Malcolm Turnbull has announced he has resigned as Communications Minister and a member of the federal Cabinet in order to challenge Prime Minister Tony Abbott for the leadership.
The announcement this afternoon in a courtyard of the Australian Parliament House leaves the Department of Communications, Digital Transformation Office, Australian Communications and Media Authority, and NBN without a driving minister.
Turnbull’s tenure at the helm of the Communications portfolio has been marked with a strident push for digital transformation. Digital innovation in federal government nearly ground to a halt after the departure of Lindsay Tanner in the Finance portfolio championing the Gov 2.0 task force, until Turnbull was given Abbott’s blessing — and $250 million — to restore the movement to prominence under the Digital Transformation Office.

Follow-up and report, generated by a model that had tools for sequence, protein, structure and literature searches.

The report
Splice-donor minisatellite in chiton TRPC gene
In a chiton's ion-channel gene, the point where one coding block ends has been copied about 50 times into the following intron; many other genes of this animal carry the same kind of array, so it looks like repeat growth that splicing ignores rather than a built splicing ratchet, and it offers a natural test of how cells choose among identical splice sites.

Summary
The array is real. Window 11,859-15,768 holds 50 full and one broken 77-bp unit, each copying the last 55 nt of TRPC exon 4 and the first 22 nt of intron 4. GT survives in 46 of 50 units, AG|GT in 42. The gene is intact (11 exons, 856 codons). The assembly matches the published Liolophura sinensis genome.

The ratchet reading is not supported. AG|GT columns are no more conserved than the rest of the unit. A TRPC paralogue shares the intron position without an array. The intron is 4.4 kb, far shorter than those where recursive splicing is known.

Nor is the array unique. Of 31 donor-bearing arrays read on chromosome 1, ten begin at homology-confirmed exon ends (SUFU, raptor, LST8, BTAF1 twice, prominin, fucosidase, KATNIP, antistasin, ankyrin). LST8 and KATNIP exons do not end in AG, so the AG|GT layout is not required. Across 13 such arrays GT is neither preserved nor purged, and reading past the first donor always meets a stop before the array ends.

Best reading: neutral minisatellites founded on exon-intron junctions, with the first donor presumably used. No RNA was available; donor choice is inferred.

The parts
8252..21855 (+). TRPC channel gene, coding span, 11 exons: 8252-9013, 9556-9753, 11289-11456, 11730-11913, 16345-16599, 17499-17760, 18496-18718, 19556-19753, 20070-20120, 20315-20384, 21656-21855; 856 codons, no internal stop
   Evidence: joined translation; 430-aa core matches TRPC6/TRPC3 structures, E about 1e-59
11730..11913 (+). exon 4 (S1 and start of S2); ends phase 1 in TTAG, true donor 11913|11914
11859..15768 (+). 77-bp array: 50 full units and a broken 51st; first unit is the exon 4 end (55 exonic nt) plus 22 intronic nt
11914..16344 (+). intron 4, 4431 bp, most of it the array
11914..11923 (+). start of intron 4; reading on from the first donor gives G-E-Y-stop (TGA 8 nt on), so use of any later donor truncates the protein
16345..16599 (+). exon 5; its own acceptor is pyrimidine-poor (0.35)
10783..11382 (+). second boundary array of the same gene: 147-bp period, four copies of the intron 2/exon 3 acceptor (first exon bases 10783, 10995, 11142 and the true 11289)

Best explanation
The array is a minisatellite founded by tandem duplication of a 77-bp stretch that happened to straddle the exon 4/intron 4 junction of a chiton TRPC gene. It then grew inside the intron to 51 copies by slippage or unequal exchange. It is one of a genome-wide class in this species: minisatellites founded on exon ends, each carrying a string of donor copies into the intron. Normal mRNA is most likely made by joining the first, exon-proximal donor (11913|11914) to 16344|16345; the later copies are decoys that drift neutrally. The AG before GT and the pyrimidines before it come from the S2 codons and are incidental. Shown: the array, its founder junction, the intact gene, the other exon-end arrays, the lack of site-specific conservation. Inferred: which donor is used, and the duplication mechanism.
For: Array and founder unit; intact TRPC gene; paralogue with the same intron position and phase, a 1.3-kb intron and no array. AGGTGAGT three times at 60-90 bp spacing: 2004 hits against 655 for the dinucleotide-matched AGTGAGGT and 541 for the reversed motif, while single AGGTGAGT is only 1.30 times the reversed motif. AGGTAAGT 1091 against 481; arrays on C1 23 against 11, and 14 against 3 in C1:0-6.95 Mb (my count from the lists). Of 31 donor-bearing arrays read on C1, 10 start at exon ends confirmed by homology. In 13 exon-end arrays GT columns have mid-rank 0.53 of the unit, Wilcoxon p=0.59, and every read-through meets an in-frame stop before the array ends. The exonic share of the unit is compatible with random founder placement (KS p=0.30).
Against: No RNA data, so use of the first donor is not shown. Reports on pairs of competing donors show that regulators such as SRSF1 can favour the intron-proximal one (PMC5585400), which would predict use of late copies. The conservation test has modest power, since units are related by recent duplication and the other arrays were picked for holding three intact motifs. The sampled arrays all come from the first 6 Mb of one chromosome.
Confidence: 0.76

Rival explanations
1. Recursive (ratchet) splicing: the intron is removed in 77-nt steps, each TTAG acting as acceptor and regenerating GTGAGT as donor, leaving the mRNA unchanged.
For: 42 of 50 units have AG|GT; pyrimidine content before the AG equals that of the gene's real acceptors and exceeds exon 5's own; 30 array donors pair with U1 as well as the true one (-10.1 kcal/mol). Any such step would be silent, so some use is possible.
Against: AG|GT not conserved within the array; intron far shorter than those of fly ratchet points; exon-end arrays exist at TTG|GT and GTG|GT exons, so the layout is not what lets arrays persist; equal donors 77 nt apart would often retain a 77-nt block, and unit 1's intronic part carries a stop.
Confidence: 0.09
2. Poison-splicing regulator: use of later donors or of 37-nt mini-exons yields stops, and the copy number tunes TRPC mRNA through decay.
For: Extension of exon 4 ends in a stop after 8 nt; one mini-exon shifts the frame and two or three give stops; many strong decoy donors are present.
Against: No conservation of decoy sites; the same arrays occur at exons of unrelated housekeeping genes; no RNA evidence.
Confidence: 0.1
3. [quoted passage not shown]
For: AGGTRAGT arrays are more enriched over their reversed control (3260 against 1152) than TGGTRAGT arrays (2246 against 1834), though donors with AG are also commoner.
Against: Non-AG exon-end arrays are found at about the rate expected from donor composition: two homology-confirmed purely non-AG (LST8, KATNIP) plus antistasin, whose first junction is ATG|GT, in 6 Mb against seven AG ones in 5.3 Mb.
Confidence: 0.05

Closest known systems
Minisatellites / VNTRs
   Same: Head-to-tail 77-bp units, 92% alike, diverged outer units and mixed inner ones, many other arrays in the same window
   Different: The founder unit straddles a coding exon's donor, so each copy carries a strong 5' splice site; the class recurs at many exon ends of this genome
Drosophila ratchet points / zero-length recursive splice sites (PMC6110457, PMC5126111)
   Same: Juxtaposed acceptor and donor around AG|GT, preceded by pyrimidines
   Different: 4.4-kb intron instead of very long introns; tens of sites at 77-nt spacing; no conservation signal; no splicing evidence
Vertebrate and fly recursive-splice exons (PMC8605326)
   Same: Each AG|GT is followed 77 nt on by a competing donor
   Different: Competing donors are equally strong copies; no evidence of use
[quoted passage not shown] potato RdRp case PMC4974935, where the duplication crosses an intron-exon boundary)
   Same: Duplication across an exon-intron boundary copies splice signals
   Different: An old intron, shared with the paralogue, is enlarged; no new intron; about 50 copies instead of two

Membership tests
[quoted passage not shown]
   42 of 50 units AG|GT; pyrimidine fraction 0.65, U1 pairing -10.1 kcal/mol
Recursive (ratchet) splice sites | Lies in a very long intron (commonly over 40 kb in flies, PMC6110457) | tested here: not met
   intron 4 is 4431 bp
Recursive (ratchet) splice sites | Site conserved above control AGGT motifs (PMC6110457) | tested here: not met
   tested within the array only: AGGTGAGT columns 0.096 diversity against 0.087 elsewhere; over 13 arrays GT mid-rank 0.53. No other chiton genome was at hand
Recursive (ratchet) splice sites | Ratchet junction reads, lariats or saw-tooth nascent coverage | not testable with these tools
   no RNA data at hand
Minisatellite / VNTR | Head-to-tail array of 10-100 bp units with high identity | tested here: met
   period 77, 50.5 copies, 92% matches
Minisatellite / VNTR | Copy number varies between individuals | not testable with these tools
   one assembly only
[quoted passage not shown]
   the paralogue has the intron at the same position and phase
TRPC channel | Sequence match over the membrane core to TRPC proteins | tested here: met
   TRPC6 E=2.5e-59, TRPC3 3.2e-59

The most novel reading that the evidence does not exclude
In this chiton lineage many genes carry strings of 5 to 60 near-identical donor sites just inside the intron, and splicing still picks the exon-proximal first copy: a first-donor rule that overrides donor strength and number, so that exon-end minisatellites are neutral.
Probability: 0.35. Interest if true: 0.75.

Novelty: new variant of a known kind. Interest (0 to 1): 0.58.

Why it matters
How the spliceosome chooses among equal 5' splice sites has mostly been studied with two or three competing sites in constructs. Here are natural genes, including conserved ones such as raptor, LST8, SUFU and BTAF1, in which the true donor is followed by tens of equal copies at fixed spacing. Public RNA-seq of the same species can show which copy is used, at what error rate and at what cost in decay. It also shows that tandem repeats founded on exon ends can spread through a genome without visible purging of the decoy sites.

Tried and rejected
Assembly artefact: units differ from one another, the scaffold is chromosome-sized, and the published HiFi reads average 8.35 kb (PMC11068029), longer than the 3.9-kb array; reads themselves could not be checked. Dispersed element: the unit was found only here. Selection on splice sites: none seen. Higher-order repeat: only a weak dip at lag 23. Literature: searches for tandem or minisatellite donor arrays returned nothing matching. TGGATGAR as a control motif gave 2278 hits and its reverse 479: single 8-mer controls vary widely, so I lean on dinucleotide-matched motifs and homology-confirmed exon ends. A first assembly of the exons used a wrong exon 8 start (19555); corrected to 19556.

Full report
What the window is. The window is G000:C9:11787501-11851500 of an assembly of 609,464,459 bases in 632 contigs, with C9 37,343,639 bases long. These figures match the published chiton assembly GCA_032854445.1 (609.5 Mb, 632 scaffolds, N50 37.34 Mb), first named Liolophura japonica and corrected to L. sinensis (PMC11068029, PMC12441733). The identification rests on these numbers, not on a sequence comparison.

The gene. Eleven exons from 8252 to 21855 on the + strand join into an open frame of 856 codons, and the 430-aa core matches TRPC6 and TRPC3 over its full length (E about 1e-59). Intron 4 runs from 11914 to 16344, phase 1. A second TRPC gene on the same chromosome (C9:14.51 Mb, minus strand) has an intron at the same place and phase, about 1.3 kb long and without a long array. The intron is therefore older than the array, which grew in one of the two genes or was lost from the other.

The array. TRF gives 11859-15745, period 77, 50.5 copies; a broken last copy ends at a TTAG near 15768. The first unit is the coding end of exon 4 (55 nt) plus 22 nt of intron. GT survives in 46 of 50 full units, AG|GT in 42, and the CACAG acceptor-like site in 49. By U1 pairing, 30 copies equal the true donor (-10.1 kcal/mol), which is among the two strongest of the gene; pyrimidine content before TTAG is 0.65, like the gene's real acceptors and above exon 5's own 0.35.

Turnbull also instigated a substantive review of ACMA’s structure, regulations and functions. That review is ongoing and will outlive the Turnbull’s time in the portfolio.
A digital-first prime minister?
If Turnbull’s bid for the leadership is unsuccessful, many will wonder whether the digital transformation momentum will extinguish.
However, if he successful, Turnbull may bring Senator Arthur Sinodinos back into the ministry in a key central portfolio with responsibility for the DTO. Sinodinos, who left the outer minister last year due to an investigation by New South Wales’ Independent Commission Against Corruption, has shown an interest in digital innovation in government and is seen as highly capable.